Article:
Seesaw molecular shape

(Polar molecules, Non-polar molecules, etc.)

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Jesus Rodriguez 1J
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Joined: Sat Jul 22, 2017 3:00 am

Seesaw molecular shape

Postby Jesus Rodriguez 1J » Sun Nov 26, 2017 6:11 pm

I was wondering if anyone could explain how we know if a compound has the seesaw molecular shape

Tatiana Hage 2E
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Re: Seesaw molecular shape

Postby Tatiana Hage 2E » Sun Nov 26, 2017 6:14 pm

The seesaw shape occurs when a molecule has a central atom bonded to 4 other atoms and 1 lone pair.

Joshua Hughes 1L
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Re: Seesaw molecular shape

Postby Joshua Hughes 1L » Sun Nov 26, 2017 6:20 pm

The easiest way is to look at how many lone pairs the central atom will have.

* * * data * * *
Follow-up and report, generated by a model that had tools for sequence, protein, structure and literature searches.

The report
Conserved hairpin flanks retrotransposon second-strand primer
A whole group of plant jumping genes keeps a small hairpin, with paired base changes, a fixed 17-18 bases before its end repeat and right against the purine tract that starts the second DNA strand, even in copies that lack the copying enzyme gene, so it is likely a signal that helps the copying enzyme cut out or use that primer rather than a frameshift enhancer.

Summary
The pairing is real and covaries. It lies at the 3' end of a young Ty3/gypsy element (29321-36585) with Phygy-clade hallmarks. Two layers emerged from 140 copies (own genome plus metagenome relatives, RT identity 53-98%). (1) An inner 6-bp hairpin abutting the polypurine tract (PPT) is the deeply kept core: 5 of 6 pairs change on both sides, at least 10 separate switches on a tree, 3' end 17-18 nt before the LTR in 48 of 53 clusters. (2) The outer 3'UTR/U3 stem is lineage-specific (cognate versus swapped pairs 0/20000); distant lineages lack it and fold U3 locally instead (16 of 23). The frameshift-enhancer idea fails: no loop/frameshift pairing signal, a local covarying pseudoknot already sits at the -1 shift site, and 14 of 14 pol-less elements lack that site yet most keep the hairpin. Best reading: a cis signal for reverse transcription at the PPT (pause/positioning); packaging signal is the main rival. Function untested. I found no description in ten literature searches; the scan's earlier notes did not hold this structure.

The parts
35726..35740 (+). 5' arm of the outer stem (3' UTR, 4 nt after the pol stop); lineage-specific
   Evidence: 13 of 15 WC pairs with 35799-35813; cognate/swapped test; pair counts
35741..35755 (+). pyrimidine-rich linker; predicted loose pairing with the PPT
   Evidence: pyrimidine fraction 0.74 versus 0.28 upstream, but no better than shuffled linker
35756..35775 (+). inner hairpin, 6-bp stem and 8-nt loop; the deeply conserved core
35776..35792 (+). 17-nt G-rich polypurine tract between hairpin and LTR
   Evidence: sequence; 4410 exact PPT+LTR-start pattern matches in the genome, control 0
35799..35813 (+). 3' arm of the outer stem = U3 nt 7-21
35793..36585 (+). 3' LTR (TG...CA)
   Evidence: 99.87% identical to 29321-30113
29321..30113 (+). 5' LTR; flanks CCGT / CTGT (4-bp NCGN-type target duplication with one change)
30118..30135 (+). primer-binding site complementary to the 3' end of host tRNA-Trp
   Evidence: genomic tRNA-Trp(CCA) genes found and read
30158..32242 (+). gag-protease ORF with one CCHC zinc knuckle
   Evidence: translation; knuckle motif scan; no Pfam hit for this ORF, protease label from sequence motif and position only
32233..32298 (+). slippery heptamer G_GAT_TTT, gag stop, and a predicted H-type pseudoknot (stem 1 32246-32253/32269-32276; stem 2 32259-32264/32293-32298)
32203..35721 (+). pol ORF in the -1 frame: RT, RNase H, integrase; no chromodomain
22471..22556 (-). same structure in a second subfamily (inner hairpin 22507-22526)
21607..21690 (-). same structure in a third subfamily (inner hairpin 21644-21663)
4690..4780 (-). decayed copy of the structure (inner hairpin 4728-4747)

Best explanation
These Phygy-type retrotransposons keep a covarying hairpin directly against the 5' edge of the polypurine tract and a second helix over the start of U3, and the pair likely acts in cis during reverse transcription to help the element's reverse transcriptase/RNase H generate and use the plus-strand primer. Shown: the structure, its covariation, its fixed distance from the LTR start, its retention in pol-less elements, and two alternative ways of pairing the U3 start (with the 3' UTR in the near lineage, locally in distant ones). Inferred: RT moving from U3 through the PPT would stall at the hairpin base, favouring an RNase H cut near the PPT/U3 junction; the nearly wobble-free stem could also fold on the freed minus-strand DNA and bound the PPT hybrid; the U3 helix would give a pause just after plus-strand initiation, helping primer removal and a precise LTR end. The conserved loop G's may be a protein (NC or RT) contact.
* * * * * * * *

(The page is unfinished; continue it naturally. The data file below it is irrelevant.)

AX3E2 is T-shaped
AX4E is Seesaw shaped. There are 5 regions of electron density, meaning it has is a trigonal bipyramidal shape in regions of electron density, but two of those 5 are lone pairs so it becomes a molecular shape that kind of is like a seesaw.
Look at the chart on this webpage for reference ... -is-linear

Michelle Lu 1F
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Re: Seesaw molecular shape

Postby Michelle Lu 1F » Sun Nov 26, 2017 8:12 pm

If the central atom of a molecule has 4 bonded electron pairs and 1 lone pair, this will cause the molecule to have the seesaw shape.

Rithik Kumar 3E
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Re: Seesaw molecular shape

Postby Rithik Kumar 3E » Mon Nov 27, 2017 5:28 pm

A seesaw molecular shape is achieved if a molecule has 4 electron bonding regions (bonds) about the central atom and one lone pair. This is because the original trigonal bipyramidal shape is changed as the bond angles within the non-axial regions are affected by the presence of a lone pair.

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